BERKELEY, Calif. — Students are told to walk into a room and pick up a name tag with either the name Schroeder, Charlie Brown, Snoopy or Woodstock, and then to find the rest of their groups, spread out across the room. The floor is divided with tape into four unequal parts: Imagine a large rectangle divided into thirds in which two-thirds of the divisions remain but the last one-third is divided in half. I and a fellow newswriting student are pulled aside and told that we willnot be participating. Instead, our role in the simulation isto act as reporters: How are people reacting? What is being said?
As we circulate around, we see several instances that will make for great and interesting articles. However, every story we want to “publish” has to have the approval of the editor-in-chief. The goal of the entire activity is to create an ideal utopian society, but it is clear that Snoopy and Woodstock got the smalle,r taped-off squares and the worse supplies while Schroeder and Charlie Brown start off with more land, more supplies and a lot more money.
This is the scene as Mike Walsh, motivational speaker and leadership director at the National Student Leadership Conference, then reveals nine rules:
1. All police decisions are final.
2. Each community has a representative to buy building supplies. You may switch representatives but there may be only one at a time.
3. Community members must stay within boundaries unless they are talking to the housing authorities.
4. Stay within the boundaries.
5. You need a permit to build anything.
6. Use the supplies provided to the group (cards/tape/paper/etc.) to build.
7. Label all buildings and structures with markers.
8. If anyone would like to build a structure that doesn’t exist, they must ask for a permit from the housing authorities.
9. Ultimately, Housing chooses the best community/structures based on appeal and practicality.
It was also clear that even though Snoopy/Woodstock spaces were smaller, they were clearly overcrowded. As the activity continued further, mayhem ensued. The police were not distributing punishment equally; people were being sent to “jail;” people were choosing jail because the conditions in jail were much better than in Snoopy/Woodstock; Schroeder/Charlie were given free money, whereas money was taken away from the other two, and so on.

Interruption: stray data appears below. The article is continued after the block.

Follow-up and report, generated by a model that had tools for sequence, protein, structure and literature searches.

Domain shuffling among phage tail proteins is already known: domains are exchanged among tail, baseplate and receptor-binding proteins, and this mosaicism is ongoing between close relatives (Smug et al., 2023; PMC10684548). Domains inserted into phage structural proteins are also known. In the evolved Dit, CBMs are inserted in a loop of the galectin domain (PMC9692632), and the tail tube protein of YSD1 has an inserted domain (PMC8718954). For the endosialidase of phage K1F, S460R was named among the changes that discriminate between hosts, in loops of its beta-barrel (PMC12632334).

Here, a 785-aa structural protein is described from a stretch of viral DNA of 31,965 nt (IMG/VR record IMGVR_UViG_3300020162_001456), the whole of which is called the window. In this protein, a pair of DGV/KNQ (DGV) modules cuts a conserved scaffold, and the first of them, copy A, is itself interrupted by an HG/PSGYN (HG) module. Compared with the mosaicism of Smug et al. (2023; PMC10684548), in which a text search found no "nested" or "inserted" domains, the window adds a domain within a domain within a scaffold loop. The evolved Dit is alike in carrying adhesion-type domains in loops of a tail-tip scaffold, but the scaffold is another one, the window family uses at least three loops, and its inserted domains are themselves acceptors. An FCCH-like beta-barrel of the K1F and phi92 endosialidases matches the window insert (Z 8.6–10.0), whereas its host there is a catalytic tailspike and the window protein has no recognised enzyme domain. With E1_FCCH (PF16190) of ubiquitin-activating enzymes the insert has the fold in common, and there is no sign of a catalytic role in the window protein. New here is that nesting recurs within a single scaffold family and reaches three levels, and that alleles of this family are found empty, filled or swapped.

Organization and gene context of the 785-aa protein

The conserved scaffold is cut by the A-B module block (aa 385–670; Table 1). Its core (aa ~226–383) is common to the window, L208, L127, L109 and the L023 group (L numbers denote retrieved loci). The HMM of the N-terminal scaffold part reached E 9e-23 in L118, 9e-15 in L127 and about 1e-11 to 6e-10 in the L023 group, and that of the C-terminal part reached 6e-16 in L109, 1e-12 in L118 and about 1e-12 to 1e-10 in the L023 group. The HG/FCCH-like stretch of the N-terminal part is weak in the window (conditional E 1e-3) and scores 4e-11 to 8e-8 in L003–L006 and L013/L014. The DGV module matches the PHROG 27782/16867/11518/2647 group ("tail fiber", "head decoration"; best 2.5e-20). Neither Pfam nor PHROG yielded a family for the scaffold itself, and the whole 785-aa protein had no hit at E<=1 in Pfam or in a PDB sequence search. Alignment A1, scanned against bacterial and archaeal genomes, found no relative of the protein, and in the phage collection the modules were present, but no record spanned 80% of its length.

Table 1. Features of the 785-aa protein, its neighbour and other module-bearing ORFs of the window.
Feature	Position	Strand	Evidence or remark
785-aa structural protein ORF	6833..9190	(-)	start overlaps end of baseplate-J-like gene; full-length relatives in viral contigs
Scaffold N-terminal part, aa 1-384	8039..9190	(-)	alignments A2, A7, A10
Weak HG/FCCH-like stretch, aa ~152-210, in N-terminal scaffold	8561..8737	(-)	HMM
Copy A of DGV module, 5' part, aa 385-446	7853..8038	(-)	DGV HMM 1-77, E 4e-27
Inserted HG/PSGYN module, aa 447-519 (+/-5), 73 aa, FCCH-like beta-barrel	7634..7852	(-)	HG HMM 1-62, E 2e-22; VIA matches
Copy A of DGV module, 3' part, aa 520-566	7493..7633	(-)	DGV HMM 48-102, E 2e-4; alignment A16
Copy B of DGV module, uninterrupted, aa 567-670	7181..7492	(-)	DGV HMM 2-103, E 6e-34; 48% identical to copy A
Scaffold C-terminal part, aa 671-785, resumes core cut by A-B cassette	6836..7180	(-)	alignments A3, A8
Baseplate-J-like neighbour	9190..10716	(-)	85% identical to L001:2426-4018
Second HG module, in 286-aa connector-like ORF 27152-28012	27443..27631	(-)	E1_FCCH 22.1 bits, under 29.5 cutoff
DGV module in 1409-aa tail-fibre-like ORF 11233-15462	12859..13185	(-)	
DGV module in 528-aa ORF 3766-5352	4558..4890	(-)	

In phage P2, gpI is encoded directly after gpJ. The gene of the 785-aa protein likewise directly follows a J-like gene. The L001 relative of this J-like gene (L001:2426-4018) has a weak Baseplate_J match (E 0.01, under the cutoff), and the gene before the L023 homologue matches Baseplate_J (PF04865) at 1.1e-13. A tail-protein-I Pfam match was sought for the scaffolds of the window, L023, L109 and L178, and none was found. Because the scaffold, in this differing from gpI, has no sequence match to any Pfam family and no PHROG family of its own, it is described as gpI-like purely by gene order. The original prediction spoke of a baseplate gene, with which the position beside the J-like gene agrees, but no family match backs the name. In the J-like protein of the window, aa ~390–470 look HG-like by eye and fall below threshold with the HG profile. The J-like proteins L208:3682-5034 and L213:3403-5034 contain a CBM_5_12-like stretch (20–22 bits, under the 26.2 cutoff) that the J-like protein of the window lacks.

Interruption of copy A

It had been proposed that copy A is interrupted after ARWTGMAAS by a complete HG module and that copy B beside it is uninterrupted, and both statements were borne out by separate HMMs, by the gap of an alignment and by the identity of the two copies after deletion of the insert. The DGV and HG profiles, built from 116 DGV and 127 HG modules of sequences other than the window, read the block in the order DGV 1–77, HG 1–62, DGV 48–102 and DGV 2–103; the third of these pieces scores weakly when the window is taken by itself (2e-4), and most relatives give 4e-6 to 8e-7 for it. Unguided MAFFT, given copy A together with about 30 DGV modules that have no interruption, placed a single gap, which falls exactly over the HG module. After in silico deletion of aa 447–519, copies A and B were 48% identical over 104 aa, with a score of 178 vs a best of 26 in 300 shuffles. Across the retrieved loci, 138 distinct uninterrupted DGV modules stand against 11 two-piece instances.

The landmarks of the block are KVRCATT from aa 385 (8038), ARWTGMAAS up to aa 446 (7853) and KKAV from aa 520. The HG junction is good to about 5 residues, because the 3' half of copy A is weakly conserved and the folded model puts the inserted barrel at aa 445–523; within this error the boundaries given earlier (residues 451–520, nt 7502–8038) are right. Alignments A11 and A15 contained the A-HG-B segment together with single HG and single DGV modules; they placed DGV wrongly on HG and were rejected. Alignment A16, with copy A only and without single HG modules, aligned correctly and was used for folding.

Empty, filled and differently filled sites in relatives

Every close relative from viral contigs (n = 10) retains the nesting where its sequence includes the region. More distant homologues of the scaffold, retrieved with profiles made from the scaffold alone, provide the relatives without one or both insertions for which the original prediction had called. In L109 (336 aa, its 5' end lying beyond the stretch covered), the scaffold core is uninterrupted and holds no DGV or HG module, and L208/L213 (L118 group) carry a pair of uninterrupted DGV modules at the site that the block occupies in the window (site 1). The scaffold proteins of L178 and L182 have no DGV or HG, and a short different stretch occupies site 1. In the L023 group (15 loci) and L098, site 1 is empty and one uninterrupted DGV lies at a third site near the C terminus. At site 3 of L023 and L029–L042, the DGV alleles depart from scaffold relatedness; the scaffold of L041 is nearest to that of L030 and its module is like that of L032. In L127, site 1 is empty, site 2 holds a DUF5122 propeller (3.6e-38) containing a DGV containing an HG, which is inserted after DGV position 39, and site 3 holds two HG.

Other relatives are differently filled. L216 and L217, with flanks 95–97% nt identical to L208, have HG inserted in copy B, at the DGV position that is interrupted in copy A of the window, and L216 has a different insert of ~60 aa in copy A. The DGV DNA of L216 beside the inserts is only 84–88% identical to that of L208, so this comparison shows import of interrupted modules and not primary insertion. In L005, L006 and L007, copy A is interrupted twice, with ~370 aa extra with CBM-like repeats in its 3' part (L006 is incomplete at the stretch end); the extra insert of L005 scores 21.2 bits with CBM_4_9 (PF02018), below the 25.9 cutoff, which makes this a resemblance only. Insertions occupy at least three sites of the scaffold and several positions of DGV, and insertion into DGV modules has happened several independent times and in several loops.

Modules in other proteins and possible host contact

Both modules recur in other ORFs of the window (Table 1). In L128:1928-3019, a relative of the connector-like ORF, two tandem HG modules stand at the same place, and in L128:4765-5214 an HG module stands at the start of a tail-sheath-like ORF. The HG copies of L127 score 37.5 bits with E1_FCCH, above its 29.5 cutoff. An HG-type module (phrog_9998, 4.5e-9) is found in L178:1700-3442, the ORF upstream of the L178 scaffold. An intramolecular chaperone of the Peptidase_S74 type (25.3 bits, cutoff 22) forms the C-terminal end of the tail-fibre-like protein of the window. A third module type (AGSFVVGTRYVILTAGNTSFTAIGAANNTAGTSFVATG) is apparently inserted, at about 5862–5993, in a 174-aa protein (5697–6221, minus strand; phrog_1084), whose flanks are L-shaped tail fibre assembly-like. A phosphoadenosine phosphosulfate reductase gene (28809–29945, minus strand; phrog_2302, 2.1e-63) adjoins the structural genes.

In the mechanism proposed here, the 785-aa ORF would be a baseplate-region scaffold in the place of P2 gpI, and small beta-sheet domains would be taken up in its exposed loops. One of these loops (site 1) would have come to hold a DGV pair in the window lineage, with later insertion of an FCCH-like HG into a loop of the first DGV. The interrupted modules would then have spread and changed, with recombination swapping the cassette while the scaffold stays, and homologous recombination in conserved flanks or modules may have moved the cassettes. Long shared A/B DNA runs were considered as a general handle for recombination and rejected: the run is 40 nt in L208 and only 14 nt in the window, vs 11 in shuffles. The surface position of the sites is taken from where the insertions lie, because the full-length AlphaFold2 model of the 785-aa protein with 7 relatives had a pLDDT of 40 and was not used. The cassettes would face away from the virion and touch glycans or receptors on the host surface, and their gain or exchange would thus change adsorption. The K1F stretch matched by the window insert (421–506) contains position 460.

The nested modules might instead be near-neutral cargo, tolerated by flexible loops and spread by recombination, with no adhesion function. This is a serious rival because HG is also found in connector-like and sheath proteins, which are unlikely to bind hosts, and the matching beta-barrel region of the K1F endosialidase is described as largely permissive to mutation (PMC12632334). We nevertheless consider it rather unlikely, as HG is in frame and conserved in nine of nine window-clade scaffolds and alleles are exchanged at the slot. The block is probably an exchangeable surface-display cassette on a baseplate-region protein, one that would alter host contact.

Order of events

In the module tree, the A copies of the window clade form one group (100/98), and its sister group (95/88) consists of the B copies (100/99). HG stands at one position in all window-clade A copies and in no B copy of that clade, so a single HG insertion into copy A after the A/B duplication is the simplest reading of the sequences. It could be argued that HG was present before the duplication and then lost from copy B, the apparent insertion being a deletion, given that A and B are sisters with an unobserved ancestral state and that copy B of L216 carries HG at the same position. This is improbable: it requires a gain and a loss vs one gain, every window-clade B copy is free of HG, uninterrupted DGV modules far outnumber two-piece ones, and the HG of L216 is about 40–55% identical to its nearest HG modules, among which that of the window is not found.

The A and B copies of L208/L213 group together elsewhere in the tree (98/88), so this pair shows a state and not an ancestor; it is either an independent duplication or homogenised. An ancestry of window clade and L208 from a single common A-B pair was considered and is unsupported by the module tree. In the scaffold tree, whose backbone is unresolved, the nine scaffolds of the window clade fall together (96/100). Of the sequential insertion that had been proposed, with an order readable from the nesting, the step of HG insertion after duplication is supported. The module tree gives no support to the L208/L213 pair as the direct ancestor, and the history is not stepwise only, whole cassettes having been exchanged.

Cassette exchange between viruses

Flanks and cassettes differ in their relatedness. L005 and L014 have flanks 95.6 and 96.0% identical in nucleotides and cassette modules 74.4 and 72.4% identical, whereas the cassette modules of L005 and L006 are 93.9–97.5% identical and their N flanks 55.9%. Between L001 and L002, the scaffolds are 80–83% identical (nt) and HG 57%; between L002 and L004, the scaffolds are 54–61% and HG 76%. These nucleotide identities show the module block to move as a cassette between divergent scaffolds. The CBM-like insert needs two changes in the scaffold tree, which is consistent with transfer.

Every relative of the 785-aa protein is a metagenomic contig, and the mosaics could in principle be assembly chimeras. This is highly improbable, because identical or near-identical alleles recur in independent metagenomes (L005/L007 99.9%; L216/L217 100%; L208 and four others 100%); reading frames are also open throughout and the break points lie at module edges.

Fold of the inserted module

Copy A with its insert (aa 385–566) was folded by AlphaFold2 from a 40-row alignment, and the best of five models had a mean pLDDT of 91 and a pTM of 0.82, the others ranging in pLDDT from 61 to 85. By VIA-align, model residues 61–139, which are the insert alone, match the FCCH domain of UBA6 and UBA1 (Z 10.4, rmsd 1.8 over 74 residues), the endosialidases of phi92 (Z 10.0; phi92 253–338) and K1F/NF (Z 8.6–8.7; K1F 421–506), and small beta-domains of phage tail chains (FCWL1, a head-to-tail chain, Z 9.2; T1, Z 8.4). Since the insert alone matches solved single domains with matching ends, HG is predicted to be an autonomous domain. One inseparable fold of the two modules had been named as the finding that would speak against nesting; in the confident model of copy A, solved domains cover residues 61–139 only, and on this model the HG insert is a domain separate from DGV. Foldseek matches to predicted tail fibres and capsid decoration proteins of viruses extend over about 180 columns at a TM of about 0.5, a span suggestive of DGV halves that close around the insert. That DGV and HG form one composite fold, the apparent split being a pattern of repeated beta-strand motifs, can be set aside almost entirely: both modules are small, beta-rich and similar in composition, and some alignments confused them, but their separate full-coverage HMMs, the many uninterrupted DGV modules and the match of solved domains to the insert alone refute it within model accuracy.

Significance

To make the situation even more intimidating, all of the TAs stuck firmly to their roles as the police authority and even wore dark sunglasses to portray their characters. In the end, the corruption got so bad that the jail group formed a rebellion and attempted to overthrow the government. In many cases, Schroeder and Charlie Brown were never sent to jail, but by the end of the activity, every person from Woodstock and Snoopy was sent to jail at least once, and some were sent to jail multiple times.
In jail, they had to perform some sort of physical exercise or manual labor in order to be released. I was able to interview one particular student, Jess Mendes, after he was released from jail. He was sent to jail because his heel was sticking out of the boundary of Woodstock’s community, and after performing 100 jumping jacks, he was released. “I’m fully reformed now!” he exclaimed as he made his way back to his group. In the end, the corruption got so bad that the jail group formed a rebellion and attempted to overthrow the government.
The societal stratification was evident when we finished. The purpose was to get us to realize that this “ideal society” is, in fact, a replica, or a very close one, of the society we live in and endorse today.
But sometimes, we are so caught up in ourselves and in our own bubbles that we fail to notice those in need of assistance. What no one thought to do was simply remove the tape barriers in between the groups and work together. That way, they would have more supplies and their community could have prospered.
Instead, they chose not to associate with the “lower class” and not aid them because they had to worry about themselves.
In one situation, people from Snoopy were offered jobs to go work for Schroeder, in which they would be paid for their work. Three students eagerly took the offer and, intrigued as to what the other group members would think (surely they would feel betrayed) I went to ask their opinion. Their answers in response to the abandonment were shocking: “There’s more room now!” said Kaitlin and fellow member Lauren Churchwell said, “They’re making us money, I’m happy.”
To finish the activity, TA Alisa Morse said,”The goal was to learn how to break down the mental barriers that separate us from functioning as a proper society and learn how to not accept labels as the entire, if any, truth.”
To build a perfect community is nearly impossible; to build an ideal utopian community is an even more daunting challenge.
As Churchwell said, “This place is seriously corrupt, man!”, it is my belief that the students were realizing the essence of the activity. When presented with the task of building a utopian society, the TA’s had to have known that the task was impossible. Thus, the entire activity wa an exercise to get students to relaize the way a society can easily become overhwhelmed with thoughts of money and prosperity and understand that societal stratification can hinder progress in our advanced world.